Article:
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Article |

Lymphocytic Thyroiditis With Spontaneously Resolving Hyperthyroidism (Silent Thyroiditis)

Thomas F. Nikolai, MD; James Brosseau, MD; Mary Alice Kettrick, PhD; Ronald Roberts, PhD; Efstathios Beltaos, MD
Arch Intern Med. 1980;140(4):478-482. doi:10.1001/archinte.1980.00330160038023.
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• Spontaneously resolving hyperthyroidism (SRH) is a transient form of hyperthyroidism characterized by a painless, nontender, normal-sized or slightly enlarged thyroid gland, elevated levels of thyroxine and triiodothyronine, a depressed thyroid radioactive iodine uptake (RAIU), spontaneous resolution in two to five months, and a focal or diffuse lymphocytic thyroiditis on biopsy. Since 1962,62 episodes of SRH were found in 56 individuals. Twelve thyroid biopsy specimens showed diffuse or focal lymphocytic thyroiditis. Testing of viral antibodies to a wide range of viruses demonstrated only one patient with notable titer change of 18 tested. Resolution of the hyperthyroidism took two to five months. Four patients were treated inappropriately. Lymphocytic thyroiditis with spontaneously resolving hyperthyroidism appears to be a new syndrome that has dramatically increased in frequency in the past ten years. It is difficult to differentiate from common forms of hyperthyroidism unless RAIU is determined.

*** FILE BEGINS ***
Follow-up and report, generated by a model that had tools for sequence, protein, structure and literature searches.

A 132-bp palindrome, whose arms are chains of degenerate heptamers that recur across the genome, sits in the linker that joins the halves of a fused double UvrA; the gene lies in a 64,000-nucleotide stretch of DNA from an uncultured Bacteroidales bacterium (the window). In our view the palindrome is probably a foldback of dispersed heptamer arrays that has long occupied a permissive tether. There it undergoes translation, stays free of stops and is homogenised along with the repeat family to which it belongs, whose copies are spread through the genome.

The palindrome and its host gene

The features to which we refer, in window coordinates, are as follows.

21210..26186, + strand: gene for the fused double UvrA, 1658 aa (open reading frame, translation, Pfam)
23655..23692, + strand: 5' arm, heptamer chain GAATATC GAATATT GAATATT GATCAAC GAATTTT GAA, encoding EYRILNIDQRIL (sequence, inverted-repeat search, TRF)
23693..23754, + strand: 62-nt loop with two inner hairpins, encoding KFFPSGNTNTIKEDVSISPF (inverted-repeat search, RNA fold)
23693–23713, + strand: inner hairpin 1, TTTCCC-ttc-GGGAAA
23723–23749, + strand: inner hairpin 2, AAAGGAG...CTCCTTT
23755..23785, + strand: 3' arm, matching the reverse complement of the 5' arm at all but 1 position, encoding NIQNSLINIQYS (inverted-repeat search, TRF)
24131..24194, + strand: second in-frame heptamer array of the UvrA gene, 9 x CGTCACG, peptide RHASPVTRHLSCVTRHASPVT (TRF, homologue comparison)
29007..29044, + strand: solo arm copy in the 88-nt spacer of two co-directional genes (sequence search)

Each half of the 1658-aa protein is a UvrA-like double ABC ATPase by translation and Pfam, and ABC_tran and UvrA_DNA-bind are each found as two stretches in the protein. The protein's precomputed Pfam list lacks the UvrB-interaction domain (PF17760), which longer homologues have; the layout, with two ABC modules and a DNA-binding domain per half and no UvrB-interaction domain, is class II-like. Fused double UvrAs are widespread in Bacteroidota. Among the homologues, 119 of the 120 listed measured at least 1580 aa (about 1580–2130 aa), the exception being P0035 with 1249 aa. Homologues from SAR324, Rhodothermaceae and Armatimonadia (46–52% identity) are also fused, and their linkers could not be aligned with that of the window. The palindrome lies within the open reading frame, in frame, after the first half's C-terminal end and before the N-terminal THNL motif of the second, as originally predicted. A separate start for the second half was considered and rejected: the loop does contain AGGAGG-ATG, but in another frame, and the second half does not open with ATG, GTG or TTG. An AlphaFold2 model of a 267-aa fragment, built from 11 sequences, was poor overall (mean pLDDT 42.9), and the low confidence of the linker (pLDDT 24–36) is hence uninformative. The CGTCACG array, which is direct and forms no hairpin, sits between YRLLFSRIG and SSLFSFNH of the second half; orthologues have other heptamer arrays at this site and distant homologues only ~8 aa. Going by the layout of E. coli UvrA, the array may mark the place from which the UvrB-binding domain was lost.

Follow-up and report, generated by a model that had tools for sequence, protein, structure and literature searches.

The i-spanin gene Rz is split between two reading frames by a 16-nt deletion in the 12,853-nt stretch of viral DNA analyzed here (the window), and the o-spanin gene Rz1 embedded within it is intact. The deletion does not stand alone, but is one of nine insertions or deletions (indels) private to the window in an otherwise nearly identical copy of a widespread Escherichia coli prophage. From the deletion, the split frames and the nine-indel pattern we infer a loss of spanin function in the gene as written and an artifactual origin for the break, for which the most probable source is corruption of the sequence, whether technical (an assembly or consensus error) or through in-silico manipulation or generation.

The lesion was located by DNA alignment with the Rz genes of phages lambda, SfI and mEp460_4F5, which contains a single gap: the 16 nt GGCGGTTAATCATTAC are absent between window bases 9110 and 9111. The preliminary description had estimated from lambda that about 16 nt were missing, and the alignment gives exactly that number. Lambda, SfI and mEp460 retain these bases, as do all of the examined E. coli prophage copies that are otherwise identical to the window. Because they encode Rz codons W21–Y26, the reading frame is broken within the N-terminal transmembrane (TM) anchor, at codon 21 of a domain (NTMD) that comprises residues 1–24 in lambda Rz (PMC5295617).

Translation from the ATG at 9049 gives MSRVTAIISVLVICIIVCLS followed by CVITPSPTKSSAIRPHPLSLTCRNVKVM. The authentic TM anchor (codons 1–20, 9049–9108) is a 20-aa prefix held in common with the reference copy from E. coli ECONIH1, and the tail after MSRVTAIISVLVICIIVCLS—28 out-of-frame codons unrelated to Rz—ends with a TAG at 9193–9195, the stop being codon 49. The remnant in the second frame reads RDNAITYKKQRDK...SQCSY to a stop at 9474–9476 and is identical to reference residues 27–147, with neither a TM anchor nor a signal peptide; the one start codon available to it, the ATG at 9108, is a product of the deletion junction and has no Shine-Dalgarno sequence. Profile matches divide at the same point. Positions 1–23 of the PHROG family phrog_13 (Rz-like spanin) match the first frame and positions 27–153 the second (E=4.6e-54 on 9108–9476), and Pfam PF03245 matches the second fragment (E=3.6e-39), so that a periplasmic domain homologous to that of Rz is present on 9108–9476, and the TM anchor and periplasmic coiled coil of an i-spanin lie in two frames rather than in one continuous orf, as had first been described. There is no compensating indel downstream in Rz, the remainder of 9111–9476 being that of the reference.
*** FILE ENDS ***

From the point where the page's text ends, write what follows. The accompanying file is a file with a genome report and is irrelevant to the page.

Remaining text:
(Arch Intern Med 140:478-482, 1980)


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